The battle for control of undersea internet cables – Verdict

How geopolitical tensions are translating into conflict along undersea internet cables
By Jemima Walker
Undersea internet cables represent the backbone of the global internet, carrying around 97% of voice and data traffic across the sea floor between land-based stations. First laid in the 1850s, undersea cables have over the years carried everything from telegraphy traffic to telephone traffic.
More recently, undersea internet cables have been using optical fibre technology to transport digital communications traffic and digital data.
In today’s world they are a critical element of a nation-states’ digital power.
The undersea internet cable sector is growing exponentially due to skyrocketing demand for cloud solutions and lower latency. As of May 2022, there are 436 submarine cables in service worldwide, stretching over 1.3 million kilometers, according to the Submarine Cable Map by TeleGeography.
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Once the exclusive domain of telecoms companies, Big Tech companies like Facebook owner Meta, Google and Microsoft are now leading investors in undersea internet cables. For example, in 2021 Meta announced plans to build the world’s highest capacity undersea cable between the US and Europe.
The market is now dominated by four main suppliers. The first is Alcatel Submarine Networks, a subsidiary of Nokia, with over 650,000km of cables worldwide. The second is US-based SubCom with over 200 networks. The third is Japan’s NEC, with over 300,000km of undersea internet cables worldwide. Finally, Huawei Marine Networks controls 10% of the subterranean internet cable market, according to the 2021 report by the Tony Blair Institute for Change.
Since the early days of the internet, there has been a consensus that the free global flow of data is a common good. However, the building of submarine cables is becoming a new source of geopolitical tensions.
Pressure primarily runs between the US and China. The superpowers fear their counterparts would create backdoors during the construction of the undersea internet cables that would enable them to spy and steal data. For example, The Pacific Light Cable Network, a direct undersea internet cable between the US and China backed by Meta and Google, was blocked by the US government. Security concerns were raised, as were threats to consumers’ data.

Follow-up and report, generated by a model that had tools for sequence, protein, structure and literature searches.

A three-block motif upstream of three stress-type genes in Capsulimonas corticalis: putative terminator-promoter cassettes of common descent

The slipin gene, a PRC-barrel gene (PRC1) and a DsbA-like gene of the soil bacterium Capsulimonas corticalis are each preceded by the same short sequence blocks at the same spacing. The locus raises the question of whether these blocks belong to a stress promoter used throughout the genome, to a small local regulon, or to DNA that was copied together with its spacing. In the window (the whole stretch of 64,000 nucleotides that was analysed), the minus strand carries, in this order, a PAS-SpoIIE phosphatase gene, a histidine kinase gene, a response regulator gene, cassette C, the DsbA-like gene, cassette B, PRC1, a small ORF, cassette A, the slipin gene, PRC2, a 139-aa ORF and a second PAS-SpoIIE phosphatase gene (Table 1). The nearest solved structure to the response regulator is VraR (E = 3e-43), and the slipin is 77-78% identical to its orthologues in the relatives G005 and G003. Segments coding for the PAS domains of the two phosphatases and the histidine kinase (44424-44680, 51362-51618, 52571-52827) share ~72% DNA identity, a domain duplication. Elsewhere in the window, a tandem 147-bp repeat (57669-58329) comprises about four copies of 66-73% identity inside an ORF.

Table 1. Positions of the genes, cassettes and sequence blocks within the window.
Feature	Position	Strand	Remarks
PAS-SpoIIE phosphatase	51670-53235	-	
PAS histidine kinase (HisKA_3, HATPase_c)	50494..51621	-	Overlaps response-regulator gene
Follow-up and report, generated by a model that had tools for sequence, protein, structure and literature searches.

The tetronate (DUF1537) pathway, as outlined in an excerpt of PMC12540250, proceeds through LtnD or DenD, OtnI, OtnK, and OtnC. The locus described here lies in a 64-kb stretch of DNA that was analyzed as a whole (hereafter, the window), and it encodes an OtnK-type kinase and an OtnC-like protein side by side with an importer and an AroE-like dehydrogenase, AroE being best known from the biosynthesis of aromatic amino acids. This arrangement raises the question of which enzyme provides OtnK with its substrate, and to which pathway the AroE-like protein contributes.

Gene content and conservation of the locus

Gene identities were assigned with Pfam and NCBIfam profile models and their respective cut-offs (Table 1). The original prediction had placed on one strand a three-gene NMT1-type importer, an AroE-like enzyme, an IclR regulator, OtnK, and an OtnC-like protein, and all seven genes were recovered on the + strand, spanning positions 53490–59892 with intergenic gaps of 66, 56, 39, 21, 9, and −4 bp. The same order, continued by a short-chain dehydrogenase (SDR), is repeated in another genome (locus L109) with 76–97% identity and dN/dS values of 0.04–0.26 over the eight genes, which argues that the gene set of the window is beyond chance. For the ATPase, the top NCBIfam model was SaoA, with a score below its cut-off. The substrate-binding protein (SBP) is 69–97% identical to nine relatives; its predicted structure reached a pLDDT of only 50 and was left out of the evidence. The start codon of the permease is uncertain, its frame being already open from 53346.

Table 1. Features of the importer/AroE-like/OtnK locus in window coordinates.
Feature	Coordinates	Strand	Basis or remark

Similarly, in 2021, the US warned against the participation of Huawei Marine Networks in a project to introduce undersea cables between Pacific islands. The American intervention effectively torpedoed the project.
While the US has not publicly provided evidence of its claims that the build-out of cables by Huawei Marine poses a cybersecurity risk, the concerns reflect increasing tensions over the control of geographic nodes that are crucial to global communication and geopolitical interests.
The US’ decision to prevent Chinese companies from constructing and operating undersea cables with the US serves to increase the risk of internet fragmentation.
The division of the traditional internet into competing technospheres, each with their own views on technology standards and regulation, is termed the splinternet.
Ultimately, internet infrastructure balkanization will have economic and social costs, for both autocracies and democracies. Companies with global operations will pay the price for a divided internet, and geopolitical tensions in the subsea cable market could serve to make the situation even worse.

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